You can live this way because you're not truly 'in need'--beyond the great junk, there's a cushion you can always jump to.

People who are truly needy don't have that--they don't have 'good junkpiles', they don't have a society that's overflowing with stuff behind them--when they're inventive, it's because it's be inventive or die.

You've always got the option of throwing your hands in the air and leaping back into the rat race.

But if everyone did what you do you wouldn't be sharing those good junkpiles--you'd be getting everything you needed from them to survive--because no more are forthcoming.

Your lifestyle can only work, right now, if there's a whole lot of people generating the society that produces good junkpiles.

I think we're headed towards a culture where people live like you, but I'm thinking we're doing it by pursuing a culture of plenty, an economy of plenty, a situation in which you won't need junkpiles because the means of production are so efficient and so automatic that you can have whatever you want or need--new--and you'll be able to toss what's no longer needed back into the pot to be completely recycled into someone elses' need or want.

And we'll get there--I've been watching things like 3-D copiers and self replicating machines--but it's gonna take work.


Lurker, have you ever been to Holland? No fat people first of all and they are very happy. They have developed methods to use everything, no waste. America could really learn from others if we didn't think we all ready knew everything.

As far as being inventive Albert Hoffman died beginning of this year. 102 years old and he would still use his invention all his life.
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Postby lurker » Sat Sep 13, 2008 10:27 am

Well, wedeliver, there ARE actually fat people in Holland, there are fat people pretty much everywhere.. And, while they ARE incredibly resources ful when it comes to waste(I think it might have something to do with their need to keep the sea at bay), they do have all the usual garbage that humans generate. They may take care of it better--and we should be(and ARE, I believe) open to learning better waste management techniques from whatever source.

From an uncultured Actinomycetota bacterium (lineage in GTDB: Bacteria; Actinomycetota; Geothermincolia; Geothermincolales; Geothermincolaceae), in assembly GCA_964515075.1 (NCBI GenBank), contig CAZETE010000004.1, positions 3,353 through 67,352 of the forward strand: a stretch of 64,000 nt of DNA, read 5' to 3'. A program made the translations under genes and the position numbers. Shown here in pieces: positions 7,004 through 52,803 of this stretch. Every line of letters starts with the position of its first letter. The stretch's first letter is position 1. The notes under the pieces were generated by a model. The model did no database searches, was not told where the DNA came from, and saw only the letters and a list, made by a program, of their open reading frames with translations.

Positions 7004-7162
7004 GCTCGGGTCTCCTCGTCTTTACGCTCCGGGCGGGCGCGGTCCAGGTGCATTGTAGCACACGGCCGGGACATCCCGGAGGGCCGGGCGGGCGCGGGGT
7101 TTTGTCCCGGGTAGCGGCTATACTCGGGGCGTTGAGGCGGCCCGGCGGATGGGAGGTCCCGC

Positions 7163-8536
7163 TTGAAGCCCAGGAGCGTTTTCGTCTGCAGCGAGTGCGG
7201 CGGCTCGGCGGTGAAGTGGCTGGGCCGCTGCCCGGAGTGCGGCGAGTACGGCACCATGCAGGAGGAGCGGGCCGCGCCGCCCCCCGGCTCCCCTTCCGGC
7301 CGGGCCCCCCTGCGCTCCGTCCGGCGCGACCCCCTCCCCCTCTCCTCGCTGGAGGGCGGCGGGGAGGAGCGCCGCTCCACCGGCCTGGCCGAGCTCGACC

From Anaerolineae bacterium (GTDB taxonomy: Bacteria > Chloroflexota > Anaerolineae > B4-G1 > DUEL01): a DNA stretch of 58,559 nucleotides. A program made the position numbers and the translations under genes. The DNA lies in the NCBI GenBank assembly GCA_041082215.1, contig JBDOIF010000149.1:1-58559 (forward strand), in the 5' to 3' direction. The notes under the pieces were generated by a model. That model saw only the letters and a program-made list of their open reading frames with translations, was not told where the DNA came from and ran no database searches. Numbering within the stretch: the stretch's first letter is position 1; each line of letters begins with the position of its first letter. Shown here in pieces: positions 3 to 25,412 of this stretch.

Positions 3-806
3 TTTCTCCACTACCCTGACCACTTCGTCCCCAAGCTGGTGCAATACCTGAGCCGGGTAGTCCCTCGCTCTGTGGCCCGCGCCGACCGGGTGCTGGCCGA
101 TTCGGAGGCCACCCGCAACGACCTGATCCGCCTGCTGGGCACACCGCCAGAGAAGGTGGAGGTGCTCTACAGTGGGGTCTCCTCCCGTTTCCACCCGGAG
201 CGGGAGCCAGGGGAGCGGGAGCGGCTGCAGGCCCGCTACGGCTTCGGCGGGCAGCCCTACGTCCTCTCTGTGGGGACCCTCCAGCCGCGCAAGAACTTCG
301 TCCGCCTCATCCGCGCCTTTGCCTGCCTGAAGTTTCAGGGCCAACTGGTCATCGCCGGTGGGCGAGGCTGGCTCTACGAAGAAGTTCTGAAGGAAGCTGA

But I don't see the relevence to my post.

I'm pointing out that, in order to live a high recycle lifestyle, you need a society that generates the things that get recycled.

I suggest that we will get so good at recycling, if we continue down the path that makes production simpler and simpler, that no one will need to live off others leavings--everyone's leavings will be so easily reused--to make virtually anything--that we will use 'new' things all the time--and when we are done with them, we'll process them into the next 'new' thing we need.

I fully believe that we will eventually have something akin to Star Treks 'replicators' and that this is in the not-too-distant future.

And I am VERY familiar with Albert Hoffmans' great invention. Not as familiar, of late, as I'd like to be, but still familiar enough..
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Postby lurker » Sat Sep 13, 2008 10:34 am

Simon, PBR? really? How about Meister Brau? The drink of choice for hot Bowery afternoons...

That wolves/sheepdogs/sheep analogy is interesting....have you read any Bill Whittle--he's on the right, but I read a piece of his in which he made that same analogy.

And I think we've come full circle here with your point about wealth. Being wealthy, or wanting it doesn't make one evil, or an asshole. Being an asshole makes one an asshole--and a lot of assholes aspire to evil.

There will be rich assholes on the playa, and rich burners. Don't condemn the rich--condemn the 'asshole'.

Or, be a bit patient and help them 'get it'.